Mexico: 12,000 officials currently deployed to contain migrant wave
Mexico City, Apr 13 (EFE).- Mexico’s government said Tuesday that 12,000 personnel – including soldiers, immigration agents and other staff – have been deployed to the country’s southern region to contain the current migrant wave and combat the cross-border trafficking of minors.
“I’d estimate there are 12,000 people from very different specialized agencies, but not from one day to the next. They’ve been (deployed) for more than a month,” Foreign Affairs Secretary Marcelo Ebrard said at President Andres Manuel Lopez Obrador’s regularly scheduled morning press conference.
Under a border security deal with the United States, Mexico, Honduras and Guatemala agreed to mobilize thousands of military personnel and police along their borders to halt a migrant flow that hit record levels in March, White House Press Secretary Jen Psaki said Monday.
She added that Mexico had made the decision to maintain 10,000 troops on its southern border with Guatemala.
But Ebrard said the real number was 12,000 people and specified that they included National Institute of Migration (INM) agents, National Guard troops and officials with the National System for Integral Development of Families (DIF), which is responsible for housing and caring for child migrants.
Mexican army and navy personnel also have been deployed to the country’s southern border region.
The foreign affairs secretary said the operation was necessary to tackle the current border crisis, adding that the government is concerned about the “extremely notable” increase in the number of unaccompanied minors.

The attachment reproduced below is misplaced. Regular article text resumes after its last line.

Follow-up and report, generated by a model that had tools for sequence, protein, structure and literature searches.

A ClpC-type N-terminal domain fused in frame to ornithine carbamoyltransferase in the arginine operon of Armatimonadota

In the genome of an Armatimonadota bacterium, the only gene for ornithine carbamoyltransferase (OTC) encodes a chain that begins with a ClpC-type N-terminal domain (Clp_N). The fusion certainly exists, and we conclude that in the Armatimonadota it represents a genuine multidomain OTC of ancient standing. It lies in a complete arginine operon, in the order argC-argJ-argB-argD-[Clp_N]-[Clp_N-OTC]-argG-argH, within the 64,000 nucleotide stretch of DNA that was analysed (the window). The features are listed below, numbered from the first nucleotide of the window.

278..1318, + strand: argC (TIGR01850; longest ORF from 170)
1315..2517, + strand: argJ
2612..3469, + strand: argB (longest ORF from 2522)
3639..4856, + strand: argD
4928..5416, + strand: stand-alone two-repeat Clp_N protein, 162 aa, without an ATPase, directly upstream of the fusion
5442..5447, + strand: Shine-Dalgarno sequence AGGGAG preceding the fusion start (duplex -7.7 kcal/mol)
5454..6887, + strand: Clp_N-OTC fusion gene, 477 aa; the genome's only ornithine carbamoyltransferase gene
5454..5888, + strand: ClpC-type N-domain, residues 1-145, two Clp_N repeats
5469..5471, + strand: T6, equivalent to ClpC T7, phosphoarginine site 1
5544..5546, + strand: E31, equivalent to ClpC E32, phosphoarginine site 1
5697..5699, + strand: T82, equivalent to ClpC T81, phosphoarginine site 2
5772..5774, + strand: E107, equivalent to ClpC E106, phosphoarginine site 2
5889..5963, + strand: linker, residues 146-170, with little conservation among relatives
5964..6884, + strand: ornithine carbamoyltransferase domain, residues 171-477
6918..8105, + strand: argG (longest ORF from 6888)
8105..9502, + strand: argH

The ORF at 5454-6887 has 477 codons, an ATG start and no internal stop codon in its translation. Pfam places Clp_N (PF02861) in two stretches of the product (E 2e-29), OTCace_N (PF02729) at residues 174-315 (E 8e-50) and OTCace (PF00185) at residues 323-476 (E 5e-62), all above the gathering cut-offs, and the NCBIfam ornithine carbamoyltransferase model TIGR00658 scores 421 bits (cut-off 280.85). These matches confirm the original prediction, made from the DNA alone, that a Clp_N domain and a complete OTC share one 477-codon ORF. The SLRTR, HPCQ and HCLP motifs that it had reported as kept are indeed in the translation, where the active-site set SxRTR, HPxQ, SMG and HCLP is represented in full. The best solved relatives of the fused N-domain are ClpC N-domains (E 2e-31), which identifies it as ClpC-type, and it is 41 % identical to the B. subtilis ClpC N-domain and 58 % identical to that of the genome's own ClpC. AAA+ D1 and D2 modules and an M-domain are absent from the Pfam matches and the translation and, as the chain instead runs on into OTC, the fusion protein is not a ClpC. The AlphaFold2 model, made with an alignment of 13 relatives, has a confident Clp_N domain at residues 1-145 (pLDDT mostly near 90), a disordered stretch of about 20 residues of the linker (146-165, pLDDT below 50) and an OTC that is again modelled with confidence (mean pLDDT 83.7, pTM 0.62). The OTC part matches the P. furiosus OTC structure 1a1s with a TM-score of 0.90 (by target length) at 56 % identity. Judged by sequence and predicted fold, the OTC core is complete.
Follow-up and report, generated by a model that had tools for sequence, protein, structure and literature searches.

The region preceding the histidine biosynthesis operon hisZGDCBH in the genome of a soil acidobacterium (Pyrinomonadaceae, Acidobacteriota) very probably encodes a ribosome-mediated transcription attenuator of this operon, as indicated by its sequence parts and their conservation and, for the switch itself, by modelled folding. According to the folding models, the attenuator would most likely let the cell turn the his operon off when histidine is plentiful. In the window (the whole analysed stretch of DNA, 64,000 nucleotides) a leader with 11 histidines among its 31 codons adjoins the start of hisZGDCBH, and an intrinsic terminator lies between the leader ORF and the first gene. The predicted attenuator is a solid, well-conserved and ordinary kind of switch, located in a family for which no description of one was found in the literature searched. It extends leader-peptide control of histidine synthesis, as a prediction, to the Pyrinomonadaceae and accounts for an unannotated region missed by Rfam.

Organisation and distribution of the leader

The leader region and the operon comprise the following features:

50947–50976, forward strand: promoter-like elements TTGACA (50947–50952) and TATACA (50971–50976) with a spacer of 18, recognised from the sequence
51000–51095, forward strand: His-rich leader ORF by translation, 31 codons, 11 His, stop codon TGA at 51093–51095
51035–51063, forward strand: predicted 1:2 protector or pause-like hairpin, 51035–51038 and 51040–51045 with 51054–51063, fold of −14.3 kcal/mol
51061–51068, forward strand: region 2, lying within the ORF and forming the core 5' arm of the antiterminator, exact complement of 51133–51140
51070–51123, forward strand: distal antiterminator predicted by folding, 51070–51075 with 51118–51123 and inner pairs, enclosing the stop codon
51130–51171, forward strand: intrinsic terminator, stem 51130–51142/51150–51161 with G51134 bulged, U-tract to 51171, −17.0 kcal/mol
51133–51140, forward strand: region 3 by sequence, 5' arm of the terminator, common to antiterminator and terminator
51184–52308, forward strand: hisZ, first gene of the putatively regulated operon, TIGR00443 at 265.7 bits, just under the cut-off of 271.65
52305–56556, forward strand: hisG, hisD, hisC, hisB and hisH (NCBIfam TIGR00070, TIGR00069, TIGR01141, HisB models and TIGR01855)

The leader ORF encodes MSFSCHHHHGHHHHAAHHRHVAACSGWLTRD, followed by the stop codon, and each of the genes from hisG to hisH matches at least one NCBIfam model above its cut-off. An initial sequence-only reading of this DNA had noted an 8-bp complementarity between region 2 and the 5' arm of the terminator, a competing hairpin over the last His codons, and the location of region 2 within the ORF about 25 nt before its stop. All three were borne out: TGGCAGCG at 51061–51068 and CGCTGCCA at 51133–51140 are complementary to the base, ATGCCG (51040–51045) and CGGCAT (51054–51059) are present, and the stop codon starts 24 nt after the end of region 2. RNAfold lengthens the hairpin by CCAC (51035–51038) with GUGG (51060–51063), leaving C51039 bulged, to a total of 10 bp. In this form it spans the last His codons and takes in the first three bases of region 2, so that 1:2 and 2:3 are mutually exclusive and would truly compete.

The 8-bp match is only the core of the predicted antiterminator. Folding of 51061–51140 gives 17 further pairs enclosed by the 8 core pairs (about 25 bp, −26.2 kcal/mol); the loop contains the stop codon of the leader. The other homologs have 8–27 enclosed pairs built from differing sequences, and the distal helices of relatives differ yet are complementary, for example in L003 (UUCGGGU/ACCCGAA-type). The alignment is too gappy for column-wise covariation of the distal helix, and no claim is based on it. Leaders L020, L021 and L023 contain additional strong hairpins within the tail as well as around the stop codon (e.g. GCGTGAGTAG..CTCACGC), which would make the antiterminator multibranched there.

He said those children were being used by smuggling networks to facilitate their efforts to “cross Mexico and reach the United States.”
A record 17,445 migrants were brought before the INM in March, while 3,139 unaccompanied minors were registered by the DIF, most of them from Guatemala and Honduras.
Ebrard recalled that Mexican law bars minors from being held at migrant processing stations and said the government must expand the DIF’s capacity for handling the higher influx.
“Why does Mexico need to regulate that? Because of our concern for minors who cross our territory. They’re our responsibility one way or another,” he said.
Mexico has entered into an agreement with the US government to “go after these traffickers” of child migrants, according to Ebrard, who added that “we’d never seen such large-scale trafficking of minors.”
The country’s immigration strategy is focused on protecting children, Lopez Obrador said at the press conference, adding that they are being used by traffickers in what amounts to a “very serious human rights violation.”
Last week, President Joe Biden’s administration said 172,000 undocumented migrants were stopped at the US-Mexico border in March, the highest figure in nearly two decades. The number of unaccompanied minors taken into custody, meanwhile, totaled nearly 19,000, a record for a single month.
The White House has said the border “is closed” and vowed to expel the vast majority of undocumented arrivals, but thus far it has been unable to halt the migrant wave.
The Biden administration also has come under criticism for holding child migrants beyond legal time limits at Border Patrol detention facilities, which are not intended to house minors. EFE